I know that some of you may be thinking that it’s the end of the year and you don’t want to mix anything up. Think about it though – wouldn’t it be better to try something totally new with a group of students you already know, as opposed to trying it with a new group of students you don’t know yet? Isn’t it easier to make adjustments to your teaching when one of the variables – students – is a known quantity? Don’t put the pressure of learning something new on your future self! There is no better time to try something new than right now!
Finally, one suggestion that might make some of us a little uncomfortable – seek out people with beliefs that might be different than you. Being brave enough to learn from those who challenge you can be one key to your continued growth. Find someone who challenges you and talk with them with the purpose of understanding their thinking, not getting it to line up with yours – you might learn from them, and they might learn from you.
What things have you learned through your professional learning network? Share with us in the comments below! We’d love to hear about it!
How often have you felt that you were “alone” in your classroom? You plan for your students – nobody else’s class is quite like yours. You plan for your content – nobody else is at quite the same place as you. It’s easy to build up walls and confine yourself to them. But think for a second… Is that what’s best for you? Is that what’s best for the kids in your class?
If the answer you find yourself coming to is no, then it’s time to think about how to connect beyond the walls of you classroom. I think we all know that there is a wealth of information out there on the internet. Can you imagine what teaching was like before Google? (I’m sure some of you are saying “Yes! I lived it!”). I think we all know that we can find great resources with a simple web search, but sometimes we find a lot of junk too! Taking the time to sift through it all can be time consuming! What if there was a way to connect with others who did have students similar to ours, or who were sharing something that was just right for your class to do as well.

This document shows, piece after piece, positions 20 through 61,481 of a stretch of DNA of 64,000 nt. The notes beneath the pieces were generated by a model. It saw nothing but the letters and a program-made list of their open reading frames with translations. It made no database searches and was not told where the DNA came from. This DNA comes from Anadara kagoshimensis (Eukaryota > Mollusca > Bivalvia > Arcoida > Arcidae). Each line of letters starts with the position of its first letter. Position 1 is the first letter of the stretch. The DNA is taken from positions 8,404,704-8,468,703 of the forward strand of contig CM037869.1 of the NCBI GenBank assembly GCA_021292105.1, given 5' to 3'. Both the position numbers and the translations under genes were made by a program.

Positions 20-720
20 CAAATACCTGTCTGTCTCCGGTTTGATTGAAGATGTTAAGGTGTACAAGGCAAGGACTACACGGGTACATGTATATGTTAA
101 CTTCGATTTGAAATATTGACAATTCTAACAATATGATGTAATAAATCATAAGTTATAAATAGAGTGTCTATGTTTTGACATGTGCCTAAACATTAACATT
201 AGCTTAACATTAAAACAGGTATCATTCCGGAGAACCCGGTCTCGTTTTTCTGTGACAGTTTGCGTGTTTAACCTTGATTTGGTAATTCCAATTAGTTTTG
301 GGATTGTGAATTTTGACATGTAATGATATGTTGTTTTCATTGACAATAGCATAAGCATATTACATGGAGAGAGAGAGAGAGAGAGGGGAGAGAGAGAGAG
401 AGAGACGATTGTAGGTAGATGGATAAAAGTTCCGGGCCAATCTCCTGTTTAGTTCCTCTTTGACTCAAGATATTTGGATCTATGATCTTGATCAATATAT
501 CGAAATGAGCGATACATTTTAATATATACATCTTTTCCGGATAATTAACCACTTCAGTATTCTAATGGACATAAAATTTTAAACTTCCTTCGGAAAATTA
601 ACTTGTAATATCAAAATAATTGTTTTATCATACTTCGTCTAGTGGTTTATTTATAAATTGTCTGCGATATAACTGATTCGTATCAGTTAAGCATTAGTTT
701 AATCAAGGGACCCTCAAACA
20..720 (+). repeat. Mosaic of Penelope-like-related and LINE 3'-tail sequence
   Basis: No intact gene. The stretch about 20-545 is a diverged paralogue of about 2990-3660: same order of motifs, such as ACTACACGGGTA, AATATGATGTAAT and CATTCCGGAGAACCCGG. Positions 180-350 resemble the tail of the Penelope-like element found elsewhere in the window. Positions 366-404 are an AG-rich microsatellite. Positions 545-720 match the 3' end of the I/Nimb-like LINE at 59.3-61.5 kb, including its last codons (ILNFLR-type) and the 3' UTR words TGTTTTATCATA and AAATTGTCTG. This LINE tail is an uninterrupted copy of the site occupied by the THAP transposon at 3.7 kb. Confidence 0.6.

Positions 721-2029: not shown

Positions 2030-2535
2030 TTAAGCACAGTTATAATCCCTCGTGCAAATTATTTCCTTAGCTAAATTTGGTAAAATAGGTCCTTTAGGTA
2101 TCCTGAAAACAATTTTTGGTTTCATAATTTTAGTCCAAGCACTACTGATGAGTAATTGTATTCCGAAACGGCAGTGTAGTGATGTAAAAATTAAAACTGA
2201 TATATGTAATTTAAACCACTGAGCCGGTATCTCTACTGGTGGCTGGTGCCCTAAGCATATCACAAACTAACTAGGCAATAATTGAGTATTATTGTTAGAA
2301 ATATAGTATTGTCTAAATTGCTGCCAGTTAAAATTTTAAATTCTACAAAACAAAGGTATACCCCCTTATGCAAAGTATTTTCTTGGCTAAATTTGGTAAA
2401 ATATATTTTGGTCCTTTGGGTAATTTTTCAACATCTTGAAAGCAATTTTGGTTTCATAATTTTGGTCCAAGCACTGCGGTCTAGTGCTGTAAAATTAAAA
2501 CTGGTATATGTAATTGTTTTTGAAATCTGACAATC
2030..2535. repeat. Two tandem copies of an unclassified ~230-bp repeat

In addition to websites, there are also other educators out there waiting and eager to help you! Or they might be looking for the help that you can provide them. The community of educators on Twitter grows every week. According to one report from Twitter, about 1 in every 100 tweets are related to education, and there are about a half-billion tweets a day! You can tweet at someone, or just to a hashtag, and get a response in moments. For an overwhelmingly long list of education hashtags, check out this link: http://cybraryman.com/edhashtags.html. Some of those hashtags are related to education twitter chats – you can see a calendar of what’s out there here: Education Chat Calendar.
You can also connect with other schools and teachers for your students benefit. Earlier this year, my daughter’s first grade class did a Skype session with a class in New Hampshire to learn about geography and discuss a book from the Global Read Aloud. This was the third Skype session (that I’m aware of). Their online connections included chatting with the author of a book they read, and talking with another class in Colorado.